It’s a mutual thing. I mean, I know what I’m getting into. But I, you know, I always have contracts out, you know, for my my books and and.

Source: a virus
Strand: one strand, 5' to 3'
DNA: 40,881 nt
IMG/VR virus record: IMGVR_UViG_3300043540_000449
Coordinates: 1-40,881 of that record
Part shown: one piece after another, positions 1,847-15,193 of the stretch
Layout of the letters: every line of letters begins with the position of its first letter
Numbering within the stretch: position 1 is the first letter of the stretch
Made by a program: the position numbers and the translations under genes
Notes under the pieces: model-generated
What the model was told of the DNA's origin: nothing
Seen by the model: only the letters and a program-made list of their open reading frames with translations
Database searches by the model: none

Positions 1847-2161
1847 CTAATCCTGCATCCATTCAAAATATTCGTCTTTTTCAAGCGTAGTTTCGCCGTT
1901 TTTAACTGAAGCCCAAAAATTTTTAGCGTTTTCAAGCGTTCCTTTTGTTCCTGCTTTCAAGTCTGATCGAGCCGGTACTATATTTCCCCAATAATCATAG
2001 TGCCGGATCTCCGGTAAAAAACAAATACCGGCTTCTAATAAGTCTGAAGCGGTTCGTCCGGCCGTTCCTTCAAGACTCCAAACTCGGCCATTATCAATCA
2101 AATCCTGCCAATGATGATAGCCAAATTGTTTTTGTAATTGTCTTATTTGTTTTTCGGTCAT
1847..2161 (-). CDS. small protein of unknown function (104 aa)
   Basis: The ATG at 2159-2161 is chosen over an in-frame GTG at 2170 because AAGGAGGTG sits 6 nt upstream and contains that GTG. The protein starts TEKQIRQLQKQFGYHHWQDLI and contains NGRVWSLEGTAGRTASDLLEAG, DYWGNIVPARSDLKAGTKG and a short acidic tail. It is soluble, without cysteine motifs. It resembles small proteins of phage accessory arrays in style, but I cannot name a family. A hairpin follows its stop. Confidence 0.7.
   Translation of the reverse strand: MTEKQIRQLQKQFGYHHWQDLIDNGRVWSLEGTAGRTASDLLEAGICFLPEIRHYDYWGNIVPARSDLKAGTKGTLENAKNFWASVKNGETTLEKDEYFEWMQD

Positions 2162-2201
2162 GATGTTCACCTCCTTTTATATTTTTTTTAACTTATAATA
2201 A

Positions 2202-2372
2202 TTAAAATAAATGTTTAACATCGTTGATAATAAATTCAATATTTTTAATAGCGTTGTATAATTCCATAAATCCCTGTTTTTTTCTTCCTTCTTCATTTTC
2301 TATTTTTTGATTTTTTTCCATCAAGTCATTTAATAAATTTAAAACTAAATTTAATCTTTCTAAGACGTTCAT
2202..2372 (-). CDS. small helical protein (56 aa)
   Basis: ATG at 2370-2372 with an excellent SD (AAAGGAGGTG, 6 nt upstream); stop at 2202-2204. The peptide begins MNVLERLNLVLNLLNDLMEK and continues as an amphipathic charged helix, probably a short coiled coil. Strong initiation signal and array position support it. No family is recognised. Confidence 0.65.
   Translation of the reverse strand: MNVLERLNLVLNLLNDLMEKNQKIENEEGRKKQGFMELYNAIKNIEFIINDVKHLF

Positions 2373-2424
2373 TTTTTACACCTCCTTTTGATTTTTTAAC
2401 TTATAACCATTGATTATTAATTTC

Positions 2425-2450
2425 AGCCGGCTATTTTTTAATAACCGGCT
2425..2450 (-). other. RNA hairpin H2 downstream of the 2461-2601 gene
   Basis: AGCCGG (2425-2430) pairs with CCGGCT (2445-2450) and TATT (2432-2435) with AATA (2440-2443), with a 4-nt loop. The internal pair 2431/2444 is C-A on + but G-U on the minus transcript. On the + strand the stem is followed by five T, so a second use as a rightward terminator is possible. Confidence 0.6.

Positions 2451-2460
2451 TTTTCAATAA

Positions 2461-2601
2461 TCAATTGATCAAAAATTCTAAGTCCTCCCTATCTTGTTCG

I’ve driven to meet the deadlines. But sometimes I’ll be doing the final edit of a book when I have to be writing another book, and that can get pretty confusing. But that’s happened. What motivates you? I want to get these messages out there. I have a lot of deep, you know, you know, deep satisfaction of of sort of the job well done when I get your book finally in print. I think it really is important to get these these messages about history out there and to get people excited about history and in new ways. That’s a big motivation from a broader literary sense. I very much worry that people are moving away from the written word and in my experience. There is a lot of intellectual curiosity that’s kind of being wasted these days. It could be much more constructively used by picking up a good book. You know and there’s and there’s a there’s encouraging signs you know along these lines of the other quality of mysteries and this is something that I, you know, that that affects me and I mean I find there are reviewers and and and and even bookstore owners that sort of traditionally have put. Uh, mysteries off. You know, sort of an aside niche. Uh and, and I’ve had people tell me. I said an appearance in Boston a couple years ago where a woman came up and said, God, you’re such a good writer, why don’t you write a real novel?